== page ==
WASHINGTON, D.C. – June 3, 2016 – (RealEstateRama) — A flurry of financial obstacles and lifestyle choices are stalling the journey to homeownership for many young adults, but becoming a homeowner is currently more feasible in some less expensive metro areas with steady job growth and lower qualifying incomes needed to buy, according to new research by the National Association of Realtors®.
NAR analyzed employment gains, population trends, income levels and housing conditions in the largest 100 metropolitan statistical areas1 across the country to identify the best purchase markets for millennial2 homebuyers.
Lawrence Yun, NAR chief economist, says although millennials have made up the largest share of buyers for three consecutive years3, sales to first-time buyers and the homeownership rate for young adults under the age of 35 remain depressed at levels not seen in decades4. This is despite historically low mortgage rates, escalating rental costs and low unemployment levels among those with a college education.
“Even with potentially higher incomes, prospective millennial homebuyers residing in some of the most expensive cities in the country face the onerous task of paying steep rents while trying to save for an adequate down payment,” he said. “However, for those currently living in or looking to move to a more affordable part of the country, there are metro areas right now with solid job growth and that offer a smoother path to homeownership.”
The top 10 metro areas NAR identified were chosen for their above-average share of current millennial residents and recent movers, favorable employment opportunities and relatively low qualifying incomes needed to purchase a home5.
NAR’s study found that the best purchase markets for millennials buyers currently are (listed alphabetically):
- Austin, Texas
- Charleston, South Carolina
- Minneapolis, Minnesota
- Ogden, Utah
- Portland, Oregon
- Raleigh, North Carolina
- Salt Lake City
- Washington, D.C.
Other markets NAR identified for having promising potential for millennial homebuyers include:
- Des Moines, Iowa
- Jacksonville, Florida
- Nashville, Tennessee
According to Yun, during the early stages of the economic recovery some of the largest metro areas – such as New York and parts of California – were attractive to millennials for their strong job markets, but their higher costs of living made it difficult to buy. Now that many more affordable, middle-tier cities have mostly recovered from the downturn and are once again experiencing robust job growth, millennials moving to some of these cities will likely realize they’re earning enough to purchase their first home.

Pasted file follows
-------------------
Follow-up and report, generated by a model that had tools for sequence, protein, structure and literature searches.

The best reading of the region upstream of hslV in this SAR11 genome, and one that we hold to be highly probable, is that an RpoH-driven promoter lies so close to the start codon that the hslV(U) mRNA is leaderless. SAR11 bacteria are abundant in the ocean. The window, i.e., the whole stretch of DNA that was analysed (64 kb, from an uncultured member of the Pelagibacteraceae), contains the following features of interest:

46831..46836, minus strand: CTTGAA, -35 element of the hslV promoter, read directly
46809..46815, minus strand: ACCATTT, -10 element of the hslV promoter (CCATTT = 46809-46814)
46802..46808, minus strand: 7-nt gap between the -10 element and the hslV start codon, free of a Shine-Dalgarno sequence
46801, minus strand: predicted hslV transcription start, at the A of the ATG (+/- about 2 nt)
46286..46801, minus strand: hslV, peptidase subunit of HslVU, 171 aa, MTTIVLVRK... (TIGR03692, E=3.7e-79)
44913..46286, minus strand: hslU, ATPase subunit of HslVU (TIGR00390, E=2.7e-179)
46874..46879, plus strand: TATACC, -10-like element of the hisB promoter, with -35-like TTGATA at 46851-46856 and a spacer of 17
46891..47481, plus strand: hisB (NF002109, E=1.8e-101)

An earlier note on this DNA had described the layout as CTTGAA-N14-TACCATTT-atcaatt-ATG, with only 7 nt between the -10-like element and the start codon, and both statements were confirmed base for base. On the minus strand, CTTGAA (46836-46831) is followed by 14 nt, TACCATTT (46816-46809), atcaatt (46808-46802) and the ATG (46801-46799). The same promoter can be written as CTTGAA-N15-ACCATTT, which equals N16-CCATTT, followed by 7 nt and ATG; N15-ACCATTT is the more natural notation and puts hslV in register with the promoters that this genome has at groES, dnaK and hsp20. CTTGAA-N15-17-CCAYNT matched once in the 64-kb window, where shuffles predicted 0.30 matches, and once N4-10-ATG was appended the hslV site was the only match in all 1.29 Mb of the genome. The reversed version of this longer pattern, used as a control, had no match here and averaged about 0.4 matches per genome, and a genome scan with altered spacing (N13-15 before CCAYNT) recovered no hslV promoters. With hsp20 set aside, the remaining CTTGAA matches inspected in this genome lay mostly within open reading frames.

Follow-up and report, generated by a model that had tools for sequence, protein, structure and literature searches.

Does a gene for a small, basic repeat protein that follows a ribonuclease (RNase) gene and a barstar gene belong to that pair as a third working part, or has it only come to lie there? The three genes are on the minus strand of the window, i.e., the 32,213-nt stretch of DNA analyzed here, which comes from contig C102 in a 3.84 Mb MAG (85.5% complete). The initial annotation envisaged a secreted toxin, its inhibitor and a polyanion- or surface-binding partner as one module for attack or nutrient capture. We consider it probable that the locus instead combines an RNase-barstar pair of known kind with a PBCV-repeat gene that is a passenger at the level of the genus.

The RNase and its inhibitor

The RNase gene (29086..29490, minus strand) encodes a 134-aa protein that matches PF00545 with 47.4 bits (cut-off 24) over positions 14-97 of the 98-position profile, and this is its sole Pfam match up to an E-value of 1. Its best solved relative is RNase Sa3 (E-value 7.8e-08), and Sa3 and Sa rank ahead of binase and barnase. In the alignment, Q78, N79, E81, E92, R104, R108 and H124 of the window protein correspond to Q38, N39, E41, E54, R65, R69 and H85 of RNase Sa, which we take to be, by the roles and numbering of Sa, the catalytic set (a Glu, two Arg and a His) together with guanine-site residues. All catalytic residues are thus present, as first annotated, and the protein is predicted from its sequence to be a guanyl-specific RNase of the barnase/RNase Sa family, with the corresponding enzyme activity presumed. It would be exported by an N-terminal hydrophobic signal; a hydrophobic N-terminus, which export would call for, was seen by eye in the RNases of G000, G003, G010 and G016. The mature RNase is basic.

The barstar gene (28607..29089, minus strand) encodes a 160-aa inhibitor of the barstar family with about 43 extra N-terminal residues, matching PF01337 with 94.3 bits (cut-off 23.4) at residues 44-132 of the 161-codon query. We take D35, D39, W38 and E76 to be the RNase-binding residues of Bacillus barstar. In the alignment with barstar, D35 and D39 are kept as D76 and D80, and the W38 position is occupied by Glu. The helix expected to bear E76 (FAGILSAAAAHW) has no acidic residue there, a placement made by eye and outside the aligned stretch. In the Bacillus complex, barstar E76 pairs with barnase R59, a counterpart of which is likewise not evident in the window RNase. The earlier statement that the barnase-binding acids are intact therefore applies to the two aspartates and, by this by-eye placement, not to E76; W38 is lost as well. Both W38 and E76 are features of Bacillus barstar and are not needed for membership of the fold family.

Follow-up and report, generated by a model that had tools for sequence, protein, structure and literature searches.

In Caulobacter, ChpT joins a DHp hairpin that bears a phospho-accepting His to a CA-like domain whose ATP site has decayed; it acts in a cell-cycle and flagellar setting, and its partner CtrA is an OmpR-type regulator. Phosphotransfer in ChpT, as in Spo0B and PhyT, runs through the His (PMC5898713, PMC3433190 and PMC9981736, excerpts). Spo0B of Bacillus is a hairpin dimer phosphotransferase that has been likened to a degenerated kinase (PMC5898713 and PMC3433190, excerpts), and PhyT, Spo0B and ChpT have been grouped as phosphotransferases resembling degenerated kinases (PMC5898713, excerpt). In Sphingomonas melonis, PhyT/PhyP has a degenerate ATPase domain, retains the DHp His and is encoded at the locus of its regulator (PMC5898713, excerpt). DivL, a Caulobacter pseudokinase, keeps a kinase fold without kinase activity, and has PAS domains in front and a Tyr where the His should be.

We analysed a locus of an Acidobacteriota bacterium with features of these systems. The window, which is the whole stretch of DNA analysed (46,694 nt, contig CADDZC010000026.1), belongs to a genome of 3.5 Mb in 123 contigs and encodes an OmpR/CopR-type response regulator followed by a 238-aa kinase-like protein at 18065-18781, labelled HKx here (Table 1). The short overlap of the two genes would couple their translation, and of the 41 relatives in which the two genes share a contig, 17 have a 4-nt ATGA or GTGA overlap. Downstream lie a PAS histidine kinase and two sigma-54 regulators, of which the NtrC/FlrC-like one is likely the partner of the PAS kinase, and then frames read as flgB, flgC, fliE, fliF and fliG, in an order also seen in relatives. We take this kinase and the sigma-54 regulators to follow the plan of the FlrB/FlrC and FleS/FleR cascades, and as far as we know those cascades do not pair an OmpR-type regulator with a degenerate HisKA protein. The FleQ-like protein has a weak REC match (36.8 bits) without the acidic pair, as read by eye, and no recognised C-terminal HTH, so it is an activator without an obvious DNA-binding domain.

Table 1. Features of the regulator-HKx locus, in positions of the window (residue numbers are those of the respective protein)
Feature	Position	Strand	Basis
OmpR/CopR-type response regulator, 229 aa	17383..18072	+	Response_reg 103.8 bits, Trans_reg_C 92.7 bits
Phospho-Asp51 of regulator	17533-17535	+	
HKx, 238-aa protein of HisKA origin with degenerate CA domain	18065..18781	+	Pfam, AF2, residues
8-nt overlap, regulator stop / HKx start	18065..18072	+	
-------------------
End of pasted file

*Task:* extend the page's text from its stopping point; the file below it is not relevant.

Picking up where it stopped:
“An overwhelming majority of young renters recently said they eventually want to buy a home5,” adds Yun. “As long as new and existing-home supply keeps up to meet demand and holds prices from rising too quickly, these identified areas are poised to lead the way in helping millennials realize their American Dream of becoming a homeowner.”
The National Association of Realtors®, “The Voice for Real Estate,” is America’s largest trade association, representing 1.1 million members involved in all aspects of the residential and commercial real estate industries.
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1Areas are generally metropolitan statistical areas as defined by the U.S. Office of Management and Budget. NAR adheres to the OMB definitions, although in some areas an exact match is not possible from the available data. A list of counties included in MSA definitions is available at: http://www.census.gov/population/estimates/metro-city/List4.txt(link is external).
2Millennials in this study, as categorized in the U.S. Census Bureau’s American Community Survey(link is external), are those born between 1982 and 2000.
3According to NAR’s 2016 Home Buyer and Seller Generational Trends survey, for the third straight year, the largest group of recent buyers were millennials, who composed 35 percent of all buyers (32 percent in 2014).
4According to the U.S. Census Bureau(link is external), the homeownership rate for households headed by adults under the age of 35 fell to 34 percent in the first quarter of 2016, the lowest since at least 1994. NAR’s 2015 Profile of Home Buyers and Sellers found that the share of first-time buyers declined to 32 percent, which is the second-lowest share since the survey’s inception (1981) and the lowest since 1987 (30 percent).
5Data comes from NAR’s First-time Homebuyer Affordability Index. The qualifying income assumes a 10 percent down payment.
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